Estimated Read Time: 8 minutes
Editor: Mark Callacher
House vs apartment – which makes a better investment?
I have often been asked which makes a better investment. - Houses or flats?
The answer to this is not straight forward, and it all depends on your calculations. The basic calculation you must determine is your ROI, return on investment (see post here to see how to work this out: http://www.prosperbyproperty.com/single-post/2016/09/04/How-To-Work-Out-Return-On-Investment)
ROI = annual Net income/initial money in * 100
The word NET is important in this calculation and it is your total income from rent (gross) minus ALL your expenses, mortgage payments, bills, maintenance, lettings fees, insurance etc. (NET). The initial money in is my deposit.
The standard calculation in the property world is yield:
Yield = Gross annual rental income/full cost of the property.
I would calculate both, but ROI is much more useful to me when buying as it gives a more realistic prediction on how that property will perform in terms of monthly cash flow. To us, if it does not produce a profit at the end of the month it is not a particularly wise investment.
If you were to use yield alone to see whether houses or flats are better investments, then flats will on average stand out to have better yields than houses in the same area, simply because, in general they are cheaper, but still achieve relatively high rental income. However, if you take into account all outgoings and compare ROI then flats may not necessarily be the best option.
Flats tend to have an increased annual outgoing cost, for example all flats are leasehold and will tend to have an annual ground rent cost which currently on average is between £200 and £250 per year, obviously this will increase depending on the area, make sure you know this before you purchase. The other factor to be aware of is the terms of the ground rent review, any respectable review should only be reviewed every 5 to 10 years and fall in line with inflation, make sure you ask your solicitor about this, If your ground rent is due to double every 10 years there is a good chance it will be much higher than inflation. Ground rents can become very costly, and make it difficult to sell in the future.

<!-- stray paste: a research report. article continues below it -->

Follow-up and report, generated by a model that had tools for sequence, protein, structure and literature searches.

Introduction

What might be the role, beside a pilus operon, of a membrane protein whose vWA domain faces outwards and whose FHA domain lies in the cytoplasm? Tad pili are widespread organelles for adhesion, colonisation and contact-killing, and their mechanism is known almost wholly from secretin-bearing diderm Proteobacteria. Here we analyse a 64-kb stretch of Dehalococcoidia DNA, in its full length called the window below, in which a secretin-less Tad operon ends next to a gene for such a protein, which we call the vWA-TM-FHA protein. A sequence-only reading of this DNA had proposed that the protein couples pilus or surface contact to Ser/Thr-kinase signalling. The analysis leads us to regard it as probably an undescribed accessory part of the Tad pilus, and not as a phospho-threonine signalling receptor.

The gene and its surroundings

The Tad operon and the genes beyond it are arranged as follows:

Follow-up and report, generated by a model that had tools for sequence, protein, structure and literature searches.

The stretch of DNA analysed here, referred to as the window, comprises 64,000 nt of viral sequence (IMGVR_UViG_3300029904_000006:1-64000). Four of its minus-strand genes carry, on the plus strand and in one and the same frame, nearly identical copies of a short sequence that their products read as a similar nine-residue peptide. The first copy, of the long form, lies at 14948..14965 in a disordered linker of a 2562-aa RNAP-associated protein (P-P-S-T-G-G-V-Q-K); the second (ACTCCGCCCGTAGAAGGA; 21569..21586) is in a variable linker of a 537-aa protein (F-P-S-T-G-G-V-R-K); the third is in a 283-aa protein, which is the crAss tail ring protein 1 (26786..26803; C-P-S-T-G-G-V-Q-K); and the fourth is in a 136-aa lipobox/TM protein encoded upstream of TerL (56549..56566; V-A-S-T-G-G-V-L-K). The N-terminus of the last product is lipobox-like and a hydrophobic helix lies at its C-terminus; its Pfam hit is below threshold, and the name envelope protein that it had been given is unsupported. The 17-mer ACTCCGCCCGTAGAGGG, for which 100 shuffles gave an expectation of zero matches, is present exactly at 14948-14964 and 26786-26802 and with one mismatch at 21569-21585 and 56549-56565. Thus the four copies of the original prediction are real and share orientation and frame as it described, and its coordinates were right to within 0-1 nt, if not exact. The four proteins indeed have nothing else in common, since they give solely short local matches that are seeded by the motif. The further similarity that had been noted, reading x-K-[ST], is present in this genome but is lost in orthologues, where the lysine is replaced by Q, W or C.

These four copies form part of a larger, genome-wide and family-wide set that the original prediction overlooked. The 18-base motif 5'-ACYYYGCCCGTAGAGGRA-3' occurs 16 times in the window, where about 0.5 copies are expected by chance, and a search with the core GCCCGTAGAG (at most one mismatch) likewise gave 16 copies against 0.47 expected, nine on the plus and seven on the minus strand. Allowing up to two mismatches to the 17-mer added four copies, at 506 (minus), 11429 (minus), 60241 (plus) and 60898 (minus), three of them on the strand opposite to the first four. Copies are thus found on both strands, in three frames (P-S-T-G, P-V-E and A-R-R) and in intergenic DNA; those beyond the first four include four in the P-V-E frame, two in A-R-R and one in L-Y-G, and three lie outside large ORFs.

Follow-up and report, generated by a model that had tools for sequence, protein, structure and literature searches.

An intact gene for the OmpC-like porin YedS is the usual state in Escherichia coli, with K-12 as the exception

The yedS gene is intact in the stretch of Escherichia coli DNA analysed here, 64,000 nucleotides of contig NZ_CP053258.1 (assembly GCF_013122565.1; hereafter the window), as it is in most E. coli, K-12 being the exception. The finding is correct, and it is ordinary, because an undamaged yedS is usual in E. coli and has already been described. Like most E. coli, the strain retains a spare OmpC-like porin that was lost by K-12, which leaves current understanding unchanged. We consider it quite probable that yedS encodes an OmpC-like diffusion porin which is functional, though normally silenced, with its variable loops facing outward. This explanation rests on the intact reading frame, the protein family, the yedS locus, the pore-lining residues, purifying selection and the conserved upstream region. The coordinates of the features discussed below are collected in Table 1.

Flats will also inevitably have service charges (the cost of maintaining communal facilities), this can be £200 plus per month and will be significantly detrimental to your ROI. Make sure you know this! Along with the terms of its review.
Houses will tend not to come with service charges but may have ground rent fees if they are leasehold. Houses however may incur more maintenance costs, for example if you have a roof leak it will be you who is responsible for fixing this, in flats this should be covered by the management company. Houses also tend to be more expensive than flats, (when comparing like for like, e.g. comparing new build two bed houses to new build 2 bed flats – not HMO’s which are a different, but profitable, strategy).
So to answer which is a better purchase for an investment, houses or flats? - It all depends on the numbers. It is only you who can answer this by taking into account the above along with other things such as demand, ease of management, re-saleability, location etc. However, for me if the ROI doesn’t stack, then any other factor becomes negligible in my decision as to whether it is a good investment or not.
- Enjoyed the post? Please leave any feedback on the comment section below.
- Sign up to Prosper By Property newsletter to get more property tips.
- Would you benefit from 1v1 property mentoring? Join many of our previous students who have created financial freedom within a matter of months by working alongside us. For more information get in touch at: firstname.lastname@example.org